Shatrava, Śātrava: 7 definitions

Introduction

Introduction:

Shatrava means something in Hinduism, Sanskrit. If you want to know the exact meaning, history, etymology or English translation of this term then check out the descriptions on this page. Add your comment or reference to a book if you want to contribute to this summary article.

The Sanskrit term Śātrava can be transliterated into English as Satrava or Shatrava, using the IAST transliteration scheme (?).

Languages of India and abroad

Sanskrit dictionary

Source: DDSA: The practical Sanskrit-English dictionary

Śātrava (शात्रव).—a. (- f.) [शत्रुरेव शत्रोरिदं वा अण् (śatrureva śatroridaṃ vā aṇ)]

1) Relating to an enemy; नारिकेलासवं योधाः शात्रवं च पपुर्यशः (nārikelāsavaṃ yodhāḥ śātravaṃ ca papuryaśaḥ) R.4. 42.

2) Hostile, inimical.

-vaḥ An enemy; तत्र नाभवदसौ महाहवे शात्रवादिव पराङ्मुखोऽर्थिनः (tatra nābhavadasau mahāhave śātravādiva parāṅmukho'rthinaḥ) Śi.14.44;18.2; Ve.5.1; Bk.5.81; Ki.14.2; देवः स्वर्गगतोऽपि शात्रववधेनाराधितः स्यादिति (devaḥ svargagato'pi śātravavadhenārādhitaḥ syāditi) Mu.2.5.

-vam 1 A collection of enemies; त्वां तु दिष्ट्या कुशलिनं पश्यामो हतशात्रवम् (tvāṃ tu diṣṭyā kuśalinaṃ paśyāmo hataśātravam) Rām.7.1.17.

2) Enmity, hostility; त्रयीशात्रवशत्रवे (trayīśātravaśatrave) R. G.

Source: Cologne Digital Sanskrit Dictionaries: Shabda-Sagara Sanskrit-English Dictionary

Śātrava (शात्रव).—m.

(-vaḥ) An enemy. n.

(-vaṃ) 1. Enmity, hostility. 2. A multitude of enemies. f. (-vī) Hostile. E. śatru an enemy, and aṇ pleonasm, or aff. of quality or number.

Source: Cologne Digital Sanskrit Dictionaries: Benfey Sanskrit-English Dictionary

Śātrava (शात्रव).—i. e. śatru + a, I. m. An enemy, Mahābhārata 8, 1523. Ii. n. 1. Enmity. 2. A multitude of enemies.

Source: Cologne Digital Sanskrit Dictionaries: Cappeller Sanskrit-English Dictionary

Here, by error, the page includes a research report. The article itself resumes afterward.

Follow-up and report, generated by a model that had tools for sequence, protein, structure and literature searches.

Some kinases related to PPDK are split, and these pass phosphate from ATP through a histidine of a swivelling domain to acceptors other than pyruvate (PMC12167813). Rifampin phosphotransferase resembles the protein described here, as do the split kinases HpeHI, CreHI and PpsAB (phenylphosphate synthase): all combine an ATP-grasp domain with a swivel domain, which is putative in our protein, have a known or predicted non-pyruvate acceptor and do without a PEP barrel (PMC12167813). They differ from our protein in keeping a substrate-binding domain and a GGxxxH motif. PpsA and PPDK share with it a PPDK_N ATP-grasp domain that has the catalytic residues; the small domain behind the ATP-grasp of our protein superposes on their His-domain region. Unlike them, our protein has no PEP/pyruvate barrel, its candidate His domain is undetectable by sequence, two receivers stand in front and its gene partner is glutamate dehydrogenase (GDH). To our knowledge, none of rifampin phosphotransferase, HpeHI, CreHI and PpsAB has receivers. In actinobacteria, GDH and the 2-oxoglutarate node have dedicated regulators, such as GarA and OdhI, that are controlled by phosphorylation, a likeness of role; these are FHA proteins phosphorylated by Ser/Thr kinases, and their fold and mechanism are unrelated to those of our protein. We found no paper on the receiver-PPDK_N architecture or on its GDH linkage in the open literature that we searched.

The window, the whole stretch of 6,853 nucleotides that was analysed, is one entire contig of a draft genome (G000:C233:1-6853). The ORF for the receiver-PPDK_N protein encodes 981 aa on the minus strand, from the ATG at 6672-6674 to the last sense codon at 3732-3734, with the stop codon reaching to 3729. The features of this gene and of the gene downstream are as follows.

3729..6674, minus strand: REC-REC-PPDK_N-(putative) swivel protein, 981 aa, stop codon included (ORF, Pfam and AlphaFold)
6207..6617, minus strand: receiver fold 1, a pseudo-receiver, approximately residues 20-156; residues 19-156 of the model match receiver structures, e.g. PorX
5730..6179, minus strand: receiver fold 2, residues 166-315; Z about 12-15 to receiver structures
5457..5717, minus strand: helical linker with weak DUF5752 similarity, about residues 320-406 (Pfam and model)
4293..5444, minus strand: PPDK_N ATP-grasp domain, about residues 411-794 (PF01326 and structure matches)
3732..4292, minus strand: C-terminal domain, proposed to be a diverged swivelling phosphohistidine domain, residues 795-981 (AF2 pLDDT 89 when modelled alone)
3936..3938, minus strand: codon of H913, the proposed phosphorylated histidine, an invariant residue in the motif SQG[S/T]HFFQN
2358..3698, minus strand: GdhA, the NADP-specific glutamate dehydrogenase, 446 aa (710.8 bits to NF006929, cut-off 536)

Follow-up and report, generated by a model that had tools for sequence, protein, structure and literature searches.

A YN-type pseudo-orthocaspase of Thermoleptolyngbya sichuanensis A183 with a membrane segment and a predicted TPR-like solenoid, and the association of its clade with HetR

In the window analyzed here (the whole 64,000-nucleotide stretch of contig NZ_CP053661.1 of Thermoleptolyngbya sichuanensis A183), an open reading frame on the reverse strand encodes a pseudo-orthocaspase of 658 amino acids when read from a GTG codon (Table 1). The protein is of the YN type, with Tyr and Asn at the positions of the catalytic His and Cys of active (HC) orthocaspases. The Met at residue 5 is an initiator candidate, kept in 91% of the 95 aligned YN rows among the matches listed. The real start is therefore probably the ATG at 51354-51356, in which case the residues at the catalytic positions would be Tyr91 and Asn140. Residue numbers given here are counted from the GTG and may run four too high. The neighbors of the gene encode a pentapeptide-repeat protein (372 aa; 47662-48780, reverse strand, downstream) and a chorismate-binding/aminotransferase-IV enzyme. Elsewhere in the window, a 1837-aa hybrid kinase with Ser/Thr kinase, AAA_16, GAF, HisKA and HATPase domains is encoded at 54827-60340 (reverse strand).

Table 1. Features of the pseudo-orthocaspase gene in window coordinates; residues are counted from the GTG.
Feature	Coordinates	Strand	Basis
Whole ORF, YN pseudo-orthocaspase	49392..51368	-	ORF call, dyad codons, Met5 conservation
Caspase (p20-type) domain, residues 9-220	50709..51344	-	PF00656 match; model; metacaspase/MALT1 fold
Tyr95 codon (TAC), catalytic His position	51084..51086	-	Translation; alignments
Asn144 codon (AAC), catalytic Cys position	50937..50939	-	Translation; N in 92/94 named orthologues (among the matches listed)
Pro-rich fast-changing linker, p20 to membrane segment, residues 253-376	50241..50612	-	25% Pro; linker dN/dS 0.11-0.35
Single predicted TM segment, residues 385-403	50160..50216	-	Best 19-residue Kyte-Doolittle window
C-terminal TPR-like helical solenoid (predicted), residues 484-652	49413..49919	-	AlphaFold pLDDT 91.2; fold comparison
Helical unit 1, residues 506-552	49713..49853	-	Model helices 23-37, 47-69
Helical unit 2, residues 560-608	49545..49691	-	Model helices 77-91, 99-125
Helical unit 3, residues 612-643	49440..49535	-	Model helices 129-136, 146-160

Śātrava (शात्रव).—[adjective] inimical; [masculine] enemy.

Source: Cologne Digital Sanskrit Dictionaries: Monier-Williams Sanskrit-English Dictionary

1) Śātrava (शात्रव):—mf(ī)n. ([from] śatru) belonging to an enemy, hostile, inimical, [Rāmāyaṇa; Raghuvaṃśa]

2) m. an enemy, [Mahābhārata; Kāvya literature]

3) n. enmity, hostility, [cf. Lexicographers, esp. such as amarasiṃha, halāyudha, hemacandra, etc.]

4) a multitude of enemies, [cf. Lexicographers, esp. such as amarasiṃha, halāyudha, hemacandra, etc.]

Source: Cologne Digital Sanskrit Dictionaries: Yates Sanskrit-English Dictionary

Śātrava (शात्रव):—(vaḥ) 1. m. An enemy. n. Enmity; many enemies.

[Sanskrit to German] (Deutsch Wörterbuch)

Source: Cologne Digital Sanskrit Dictionaries: Böhtlingk and Roth Grosses Petersburger Wörterbuch

Śātrava (शात्रव):—(von śatru)

1) adj. feindlich: bala [Rāmāyaṇa 6, 6, 33.] yaśas [Raghuvaṃśa 4, 42.] —

2) m. Feind gaṇa prajñādi zu [Pāṇini’s acht Bücher 5, 4, 38.] [Amarakoṣa 2, 8, 1, 11.] [Trikāṇḍaśeṣa 3, 3, 387.] [Hemacandra’s Abhidhānacintāmaṇi 728.] [Anekārthasaṃgraha 3, 713. fg.] (śatrau zu lesen). [Medinīkoṣa v. 52.] [Halāyudha 2, 301.] [Mahābhārata 8, 1523.] [Śiśupālavadha 9, 44.] [Bhaṭṭikavya 5, 81.] —

3) n. a) Feindschaft. — b) Feindesschaar [Hemacandra’s Anekārthasaṃgraha] [Medinīkoṣa]

context information

Sanskrit, also spelled संस्कृतम् (saṃskṛtam), is an ancient language of India commonly seen as the grandmother of the Indo-European language family (even English!). Closely allied with Prakrit and Pali, Sanskrit is more exhaustive in both grammar and terms and has the most extensive collection of literature in the world, greatly surpassing its sister-languages Greek and Latin.

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